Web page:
They will be forever grateful for the speed with which the medical team responded. It was a reminder that the protocols that have been put in place since the high-profile deaths of other famous footballers on the pitch – Cameroon's Marc-Vivien Foe in 2003 and Motherwell's Phil O'Donnell in 2007 – have largely worked. Largely because Eriksen was certainly one of the lucky footballers. Many more have died despite the loss of O'Donnell and Foe and certainly more can be done such as heart screening from a younger age, better provision of CPR training and the presence of defibrillators at lower-league grounds which should be as standard as a set of goalposts.

Watching Eriksen tread the line between the dark and the light was the worst thing I have ever seen on a football pitch – in 40 years of watching, playing and reporting on the sport – but simply wishing it away will do nothing to prevent it happening again.


There was a time when Breel Embolo was talked about as the next global phenomenon. The year was 2016 and the then-Basle striker was being courted by, among others, Barcelona, Manchester United and Arsenal. The teenage sensation signed for Bundesliga giants Schalke, instead, in a £20m deal. But he spent much of the time injured playing just 48 times, scoring 10 goals, before joining Borussia Monchengladbach two years ago. It has not been plain sailing for Embolo there either. In December 2019, it came to light that he had lost his licence while caught driving using his mobile phone. Earlier this year, he attended an illegal party but denied his presence there before subsequent police reports indicated that Embolo had escaped by fleeing across a roof to a flat where he hid in a bathtub to avoid detection. He was fined E200,000.

There is a less wild side to Embolo. He set up a foundation that bears his name in Switzerland to help disadvantaged child refugees from Cameroon – the land of his birth – and Peru. Embolo left Cameroon as a child himself when his mother decided that there were no prospects for her family in Africa.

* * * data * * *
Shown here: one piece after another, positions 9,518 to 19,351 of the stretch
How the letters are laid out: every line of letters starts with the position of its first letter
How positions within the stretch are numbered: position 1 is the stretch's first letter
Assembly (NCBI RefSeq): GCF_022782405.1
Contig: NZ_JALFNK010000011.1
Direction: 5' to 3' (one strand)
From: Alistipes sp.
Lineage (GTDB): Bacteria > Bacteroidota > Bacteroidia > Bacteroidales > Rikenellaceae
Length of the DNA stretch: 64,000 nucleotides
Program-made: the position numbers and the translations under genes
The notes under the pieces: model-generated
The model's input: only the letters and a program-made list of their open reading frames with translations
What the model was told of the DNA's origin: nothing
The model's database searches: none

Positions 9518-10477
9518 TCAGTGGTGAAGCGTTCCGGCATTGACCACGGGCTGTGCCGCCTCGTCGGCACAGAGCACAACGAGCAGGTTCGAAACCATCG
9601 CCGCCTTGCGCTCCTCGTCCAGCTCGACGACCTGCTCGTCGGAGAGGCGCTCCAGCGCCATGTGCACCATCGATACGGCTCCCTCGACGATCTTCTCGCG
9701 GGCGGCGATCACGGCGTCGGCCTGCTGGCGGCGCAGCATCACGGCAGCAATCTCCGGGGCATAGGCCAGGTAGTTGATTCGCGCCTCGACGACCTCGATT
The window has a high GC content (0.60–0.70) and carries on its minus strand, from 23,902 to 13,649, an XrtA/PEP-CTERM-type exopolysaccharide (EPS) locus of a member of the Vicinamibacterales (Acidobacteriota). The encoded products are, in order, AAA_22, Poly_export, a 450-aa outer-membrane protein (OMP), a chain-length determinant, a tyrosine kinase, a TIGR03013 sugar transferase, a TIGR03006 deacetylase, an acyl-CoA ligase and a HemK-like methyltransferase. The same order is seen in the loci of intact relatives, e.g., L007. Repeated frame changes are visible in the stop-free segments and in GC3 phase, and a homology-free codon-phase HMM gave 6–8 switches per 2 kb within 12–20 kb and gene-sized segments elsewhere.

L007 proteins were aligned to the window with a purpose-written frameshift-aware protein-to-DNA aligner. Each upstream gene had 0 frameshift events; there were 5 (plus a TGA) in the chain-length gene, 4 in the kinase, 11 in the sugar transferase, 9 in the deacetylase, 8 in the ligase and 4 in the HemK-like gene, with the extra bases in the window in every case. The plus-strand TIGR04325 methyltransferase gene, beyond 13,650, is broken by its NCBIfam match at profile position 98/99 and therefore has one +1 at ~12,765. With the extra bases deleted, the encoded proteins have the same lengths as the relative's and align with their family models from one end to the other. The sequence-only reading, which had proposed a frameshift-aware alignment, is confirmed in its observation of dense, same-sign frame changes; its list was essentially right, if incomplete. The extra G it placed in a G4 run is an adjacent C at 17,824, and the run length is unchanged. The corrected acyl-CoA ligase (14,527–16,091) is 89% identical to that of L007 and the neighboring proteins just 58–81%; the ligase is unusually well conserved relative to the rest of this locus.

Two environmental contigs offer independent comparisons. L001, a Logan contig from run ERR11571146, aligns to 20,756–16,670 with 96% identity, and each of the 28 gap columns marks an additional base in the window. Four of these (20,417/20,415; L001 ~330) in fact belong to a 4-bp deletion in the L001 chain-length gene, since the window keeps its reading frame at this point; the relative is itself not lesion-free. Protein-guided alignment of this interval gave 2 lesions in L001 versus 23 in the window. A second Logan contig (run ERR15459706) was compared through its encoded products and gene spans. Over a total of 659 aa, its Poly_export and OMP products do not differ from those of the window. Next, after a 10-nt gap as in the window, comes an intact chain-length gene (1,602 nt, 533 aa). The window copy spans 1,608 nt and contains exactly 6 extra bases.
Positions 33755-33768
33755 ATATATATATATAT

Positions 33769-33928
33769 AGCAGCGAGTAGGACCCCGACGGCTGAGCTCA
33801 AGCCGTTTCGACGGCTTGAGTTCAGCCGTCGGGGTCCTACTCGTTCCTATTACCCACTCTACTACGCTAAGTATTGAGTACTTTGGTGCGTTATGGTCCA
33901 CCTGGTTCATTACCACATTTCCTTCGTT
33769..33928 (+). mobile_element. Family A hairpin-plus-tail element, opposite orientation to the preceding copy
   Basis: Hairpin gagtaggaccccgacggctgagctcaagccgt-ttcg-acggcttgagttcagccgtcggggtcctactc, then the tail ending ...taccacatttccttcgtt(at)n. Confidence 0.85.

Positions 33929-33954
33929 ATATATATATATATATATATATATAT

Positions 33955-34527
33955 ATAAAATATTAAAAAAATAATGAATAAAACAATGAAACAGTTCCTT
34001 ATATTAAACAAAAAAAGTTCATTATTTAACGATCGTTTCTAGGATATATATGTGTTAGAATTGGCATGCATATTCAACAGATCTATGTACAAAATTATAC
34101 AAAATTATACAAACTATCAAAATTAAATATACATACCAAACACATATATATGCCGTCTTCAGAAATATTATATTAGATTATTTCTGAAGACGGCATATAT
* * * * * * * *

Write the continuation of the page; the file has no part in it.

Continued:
Against Wales on Saturday in Baku, he looked like the kind of striker he was destined to become, scoring once, almost scoring another two and generally causing havoc for the Welsh defence. It's a real shame we have not seen more of that side to his game.


It's not just in Scotland and England where there has been an ongoing political row over ideological messaging. Where the endless debate on taking the knee has been top of the agenda on these shores, Russia and Ukraine have been involved in a political spat of their own.

Russia's gripe stems from a design and slogan on Ukraine's kit for the finals which contains an embroidered map of the country containing the Crimean peninsula which Russia annexed in 2014 and declared part of its territory. Despite that claim being rejected internationally, Russia had nevertheless complained to UEFA about the Ukraine jersey which also carries a slogan inside the neck which reads: 'Glory to the Heroes', a phrase that was used by protesters who ousted the Kremlin-backed president, Viktor Yanukovych, in 2013-14. UEFA say the message is “clearly political in nature” despite previously having approved the kit for use.